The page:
The origin of Geomorphology can be referred to 2500 years ago when the ancient Greek, Roman, Arab and Chinese philosophers tried to comprehend the occurrence of earthquakes, volcanoes and the presence of seashells at high mountains elevations. Leonardo da Vinci, during the Renaissance, discussed the formation of valleys based on observation of natural processes. After catastrophism and uniformitarianism theories as explanations of the origin of Earth's relief, in the later part of the nineteenth century, geographical and geological surveys were carried out on the western United States giving important contributions to the development of geomorphological theory. Then, Davis, Penck, King had stated different models of landscape evolution. In the last few decades the Geomorphology has been dominated by the study of modern processes, their mechanics and rates of operations and on the behaviour of earth materials. In that sense, Alan Trenhaile has written Geomorphology: A Canadian Perspective, a comprehensive introduction to geomorphology, the study of physical features of the surface of the Earth and how they evolve. It is a text focused for undergraduate Geography and Earth Sciences Canadian students in its third edition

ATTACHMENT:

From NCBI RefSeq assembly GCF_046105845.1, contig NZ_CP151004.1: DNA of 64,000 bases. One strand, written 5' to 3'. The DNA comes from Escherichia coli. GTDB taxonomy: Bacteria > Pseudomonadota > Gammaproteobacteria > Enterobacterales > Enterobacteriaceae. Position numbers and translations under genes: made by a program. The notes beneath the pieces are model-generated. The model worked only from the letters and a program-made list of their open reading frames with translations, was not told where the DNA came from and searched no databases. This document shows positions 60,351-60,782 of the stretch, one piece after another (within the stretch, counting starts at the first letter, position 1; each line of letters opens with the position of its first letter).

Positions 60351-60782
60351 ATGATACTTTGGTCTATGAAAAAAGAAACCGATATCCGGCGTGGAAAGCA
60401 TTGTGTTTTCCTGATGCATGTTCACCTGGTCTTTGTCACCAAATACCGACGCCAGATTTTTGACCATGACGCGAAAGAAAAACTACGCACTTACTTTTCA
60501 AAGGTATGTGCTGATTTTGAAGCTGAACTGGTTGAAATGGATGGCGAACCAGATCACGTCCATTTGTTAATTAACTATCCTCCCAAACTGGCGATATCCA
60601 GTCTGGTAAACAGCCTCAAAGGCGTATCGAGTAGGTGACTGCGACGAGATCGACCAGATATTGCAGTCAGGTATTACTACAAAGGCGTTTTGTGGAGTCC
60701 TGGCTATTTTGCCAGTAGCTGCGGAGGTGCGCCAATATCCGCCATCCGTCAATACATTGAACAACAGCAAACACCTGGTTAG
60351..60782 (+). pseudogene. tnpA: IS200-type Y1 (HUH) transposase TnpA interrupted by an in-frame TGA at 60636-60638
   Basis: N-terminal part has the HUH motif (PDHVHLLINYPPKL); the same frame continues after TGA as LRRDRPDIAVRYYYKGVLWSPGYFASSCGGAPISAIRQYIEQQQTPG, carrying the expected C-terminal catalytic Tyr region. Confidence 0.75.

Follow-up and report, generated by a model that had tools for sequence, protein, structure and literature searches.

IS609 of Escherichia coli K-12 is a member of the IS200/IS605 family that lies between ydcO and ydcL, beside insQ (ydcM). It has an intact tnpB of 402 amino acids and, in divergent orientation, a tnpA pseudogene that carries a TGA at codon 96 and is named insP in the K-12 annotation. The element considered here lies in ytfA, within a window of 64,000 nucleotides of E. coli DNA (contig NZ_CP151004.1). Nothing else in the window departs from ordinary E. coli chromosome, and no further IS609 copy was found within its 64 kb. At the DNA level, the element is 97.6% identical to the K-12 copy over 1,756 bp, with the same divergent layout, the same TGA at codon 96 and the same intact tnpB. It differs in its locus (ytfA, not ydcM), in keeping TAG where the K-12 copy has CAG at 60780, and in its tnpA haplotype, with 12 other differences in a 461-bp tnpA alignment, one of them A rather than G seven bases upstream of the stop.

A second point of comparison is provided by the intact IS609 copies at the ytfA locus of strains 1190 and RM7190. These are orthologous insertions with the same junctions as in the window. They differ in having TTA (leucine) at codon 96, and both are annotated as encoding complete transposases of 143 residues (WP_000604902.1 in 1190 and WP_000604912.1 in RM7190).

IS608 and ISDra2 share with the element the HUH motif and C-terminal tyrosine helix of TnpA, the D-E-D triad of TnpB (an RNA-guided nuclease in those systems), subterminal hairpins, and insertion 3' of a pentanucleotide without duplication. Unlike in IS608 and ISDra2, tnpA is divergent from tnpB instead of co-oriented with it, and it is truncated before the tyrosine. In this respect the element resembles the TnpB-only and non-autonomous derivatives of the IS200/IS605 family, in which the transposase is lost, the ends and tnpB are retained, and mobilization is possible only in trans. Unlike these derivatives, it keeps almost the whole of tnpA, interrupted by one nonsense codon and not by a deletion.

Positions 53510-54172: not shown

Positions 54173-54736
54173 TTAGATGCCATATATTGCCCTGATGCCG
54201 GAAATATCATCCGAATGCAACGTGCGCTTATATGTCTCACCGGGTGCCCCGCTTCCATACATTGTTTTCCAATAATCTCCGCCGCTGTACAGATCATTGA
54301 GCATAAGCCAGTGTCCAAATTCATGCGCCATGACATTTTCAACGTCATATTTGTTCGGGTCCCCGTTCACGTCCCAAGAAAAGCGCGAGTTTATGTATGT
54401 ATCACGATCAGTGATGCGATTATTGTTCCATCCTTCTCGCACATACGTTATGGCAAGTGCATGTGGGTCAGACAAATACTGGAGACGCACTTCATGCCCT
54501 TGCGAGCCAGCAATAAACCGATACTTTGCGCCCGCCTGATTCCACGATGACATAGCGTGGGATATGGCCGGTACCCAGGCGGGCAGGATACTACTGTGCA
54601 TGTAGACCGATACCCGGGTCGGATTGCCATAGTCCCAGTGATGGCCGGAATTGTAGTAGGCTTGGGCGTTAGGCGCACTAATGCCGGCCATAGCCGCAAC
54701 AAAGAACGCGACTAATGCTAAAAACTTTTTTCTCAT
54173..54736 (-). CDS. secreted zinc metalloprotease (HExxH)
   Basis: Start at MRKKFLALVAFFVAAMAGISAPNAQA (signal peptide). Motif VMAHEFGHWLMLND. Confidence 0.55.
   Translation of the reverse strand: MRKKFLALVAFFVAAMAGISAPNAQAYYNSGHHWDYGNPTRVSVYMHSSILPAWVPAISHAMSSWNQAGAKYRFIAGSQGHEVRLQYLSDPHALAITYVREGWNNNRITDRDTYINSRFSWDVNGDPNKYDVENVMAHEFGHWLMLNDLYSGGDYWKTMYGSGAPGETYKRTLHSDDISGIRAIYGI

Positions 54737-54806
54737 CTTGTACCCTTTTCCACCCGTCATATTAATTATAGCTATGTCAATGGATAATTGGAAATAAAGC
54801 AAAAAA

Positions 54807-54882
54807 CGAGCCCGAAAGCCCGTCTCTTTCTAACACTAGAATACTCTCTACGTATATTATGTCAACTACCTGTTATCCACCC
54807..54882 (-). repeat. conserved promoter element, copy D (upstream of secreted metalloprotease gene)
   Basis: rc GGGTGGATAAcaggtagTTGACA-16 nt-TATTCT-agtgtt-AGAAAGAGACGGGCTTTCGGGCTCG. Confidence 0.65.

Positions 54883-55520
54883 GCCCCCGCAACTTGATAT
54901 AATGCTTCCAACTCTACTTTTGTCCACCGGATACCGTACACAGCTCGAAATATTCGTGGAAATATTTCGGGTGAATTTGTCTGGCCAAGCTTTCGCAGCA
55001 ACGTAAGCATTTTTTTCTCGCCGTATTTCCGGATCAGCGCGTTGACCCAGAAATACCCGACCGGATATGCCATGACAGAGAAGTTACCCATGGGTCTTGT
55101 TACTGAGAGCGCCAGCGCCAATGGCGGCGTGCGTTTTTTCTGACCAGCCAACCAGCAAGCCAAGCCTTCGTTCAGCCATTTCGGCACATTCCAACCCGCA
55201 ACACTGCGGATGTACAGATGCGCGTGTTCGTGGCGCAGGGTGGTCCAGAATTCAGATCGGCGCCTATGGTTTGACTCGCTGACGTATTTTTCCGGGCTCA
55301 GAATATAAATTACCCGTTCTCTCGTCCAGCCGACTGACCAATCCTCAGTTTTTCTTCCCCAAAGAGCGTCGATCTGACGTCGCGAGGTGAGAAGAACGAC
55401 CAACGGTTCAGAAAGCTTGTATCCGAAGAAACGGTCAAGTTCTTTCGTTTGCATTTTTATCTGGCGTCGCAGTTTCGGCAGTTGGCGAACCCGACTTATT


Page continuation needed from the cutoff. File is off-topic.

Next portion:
Trenhaile, A.S., 2008. Geomorphology: A Canadian Perspective. Third Edition. Oxford University Press. 424 pp.
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